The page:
Less intrusive means of travel safety called for

“[Transportation Security Agency] is in the process of implementing new pat-down procedures at checkpoints nationwide as one of our many layers of security to keep the traveling public safe. Pat-downs are one important tool to help TSA detect hidden and dangerous items such as explosives. Passengers should continue to expect an unpredictable mix of security layers that include explosives trace detection, advanced imaging technology, canine teams, among others.” — Oct. 28

The public outrage after the 9/11 terrorist attacks served as the catalyst for the largest expansion in government since World War II.

It’s easy to forgive a wary, shell-shocked public for conceding personal liberties in the name of civic security.

The most immediate problem was that of prevention: How did a global superpower with well-funded domestic and international intelligence agencies fall victim to the single most catastrophic, expertly coordinated terrorist attack of the modern era?

Fueled by paranoia and public cries for accountability, Congress reacted with the passage of the USA PATRIOT Act, followed shortly thereafter by the Aviation and Transportation Security Act, thus resulting in the creation of the TSA.

Integrated into the Department of Homeland Security in 2003, it is the sole responsibility of the TSA to ensure aviation security at 450 of our nation’s airports. Along with the Federal Air Marshals, the TSA employs 45,000 security officers, otherwise known as screeners, to the tune of $24,000 to $36,000 of your tax money per year.

Since its inception, the TSA hasn’t been wildly popular. Thanks to the botched “shoe bombing” by Richard Reid, new security regulations came out mandating shoe removal, limits to the size of liquid containers allowed in carry-on luggage, and the guaranteed confiscation of any object that could be remotely construed as a deadly weapon.

The TSA implemented new screening policies for all passengers Oct. 29, including scans from ‘backscatter’ X-ray machines designed to detect contraband invisible to metal detectors. These scans generate a pseudo-nude silhouette of the individual in question, bringing about the subject of privacy concerns in an increasingly digital era.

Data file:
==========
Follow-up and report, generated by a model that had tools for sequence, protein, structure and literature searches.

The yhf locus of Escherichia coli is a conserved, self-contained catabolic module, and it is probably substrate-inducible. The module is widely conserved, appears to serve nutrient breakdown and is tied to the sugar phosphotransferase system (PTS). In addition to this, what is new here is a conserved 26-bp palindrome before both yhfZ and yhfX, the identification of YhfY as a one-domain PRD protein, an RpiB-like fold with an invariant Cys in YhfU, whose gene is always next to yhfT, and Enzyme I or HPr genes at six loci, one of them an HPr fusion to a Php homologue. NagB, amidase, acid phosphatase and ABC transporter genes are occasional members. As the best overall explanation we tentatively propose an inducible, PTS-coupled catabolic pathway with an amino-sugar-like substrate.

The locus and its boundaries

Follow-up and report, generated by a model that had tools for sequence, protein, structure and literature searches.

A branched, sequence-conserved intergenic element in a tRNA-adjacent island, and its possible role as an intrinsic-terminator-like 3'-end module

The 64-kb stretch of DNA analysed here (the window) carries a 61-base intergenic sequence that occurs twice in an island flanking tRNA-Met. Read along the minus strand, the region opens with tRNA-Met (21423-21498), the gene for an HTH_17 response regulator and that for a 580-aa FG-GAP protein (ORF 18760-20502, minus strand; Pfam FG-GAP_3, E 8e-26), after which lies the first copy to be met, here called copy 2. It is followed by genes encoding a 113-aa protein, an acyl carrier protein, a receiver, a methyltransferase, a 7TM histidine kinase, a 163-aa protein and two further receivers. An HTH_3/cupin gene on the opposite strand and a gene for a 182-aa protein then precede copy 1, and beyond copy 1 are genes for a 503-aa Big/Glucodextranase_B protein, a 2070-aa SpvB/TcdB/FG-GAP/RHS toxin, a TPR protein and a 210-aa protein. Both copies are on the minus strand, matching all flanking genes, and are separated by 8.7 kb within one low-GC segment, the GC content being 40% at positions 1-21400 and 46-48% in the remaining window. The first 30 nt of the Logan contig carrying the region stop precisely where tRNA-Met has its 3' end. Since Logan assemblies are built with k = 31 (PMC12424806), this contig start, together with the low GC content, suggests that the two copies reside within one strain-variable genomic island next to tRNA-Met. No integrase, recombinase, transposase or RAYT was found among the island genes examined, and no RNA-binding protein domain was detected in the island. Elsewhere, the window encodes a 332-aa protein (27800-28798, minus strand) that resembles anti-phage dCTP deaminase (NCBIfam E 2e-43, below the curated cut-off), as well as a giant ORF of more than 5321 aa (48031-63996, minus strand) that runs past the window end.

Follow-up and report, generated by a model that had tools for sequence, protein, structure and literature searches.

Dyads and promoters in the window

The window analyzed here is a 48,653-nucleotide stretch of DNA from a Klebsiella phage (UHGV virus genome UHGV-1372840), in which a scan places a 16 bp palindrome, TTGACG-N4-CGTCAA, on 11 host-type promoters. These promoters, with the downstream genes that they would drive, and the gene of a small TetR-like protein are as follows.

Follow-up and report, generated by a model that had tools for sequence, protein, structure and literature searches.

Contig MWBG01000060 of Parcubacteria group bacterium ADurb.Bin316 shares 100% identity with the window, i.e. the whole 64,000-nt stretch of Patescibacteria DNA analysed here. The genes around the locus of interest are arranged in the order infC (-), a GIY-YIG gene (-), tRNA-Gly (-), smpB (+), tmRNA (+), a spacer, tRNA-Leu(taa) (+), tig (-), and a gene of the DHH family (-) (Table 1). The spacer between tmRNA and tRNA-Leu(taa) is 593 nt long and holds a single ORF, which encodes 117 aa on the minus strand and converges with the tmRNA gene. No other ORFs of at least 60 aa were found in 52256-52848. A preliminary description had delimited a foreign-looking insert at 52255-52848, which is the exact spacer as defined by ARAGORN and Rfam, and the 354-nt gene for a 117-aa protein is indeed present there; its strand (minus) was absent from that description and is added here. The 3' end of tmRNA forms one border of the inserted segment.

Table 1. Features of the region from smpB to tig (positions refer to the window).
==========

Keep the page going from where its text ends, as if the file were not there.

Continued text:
If passengers refuse to be scanned, they become subject to a thorough pat-down from a total stranger with little to no law enforcement training. Procedures include inner-leg frisking up to the groin, and under-the-waistband checks for passengers wearing ‘baggy’ attire.

We’re all for air security — traveling 500 mph in a chair five miles in the sky most certainly merits the utmost in careful planning.

However, we also understand how partially disrobing and subjecting oneself to a semi-nude photo op and/or heavy petting might seem a bit disconcerting, weekend activities and Facebook profiles notwithstanding. 

“How safe is safe enough?” is a slippery slope, folks. “Safety” is responsible for the demise of everything from the jungle gym to Four Loko, and sadly, accountability along with it. It seems we can’t trust ourselves to do anything remotely stupid without swift legislative or courtroom precedence.

We’re increasingly fearful of the world we live in, up to the point of literal government molestation. Then comes the backlash. 

Fear not, Daily faithful: Our savior, U.S. House Rep. Ron Paul, R-Texas, has introduced the American Traveler Dignity Act and called for the private sector to step in with less intrusive means of airport security. We’re all for that idea, and we’ll link to the press release in the online edition.

Almost every one of us will be traveling over the course of the next week. Here’s wishing luck to those traveling by air — we hear you’ll need it.

Stay safe, everyone, and enjoy your break.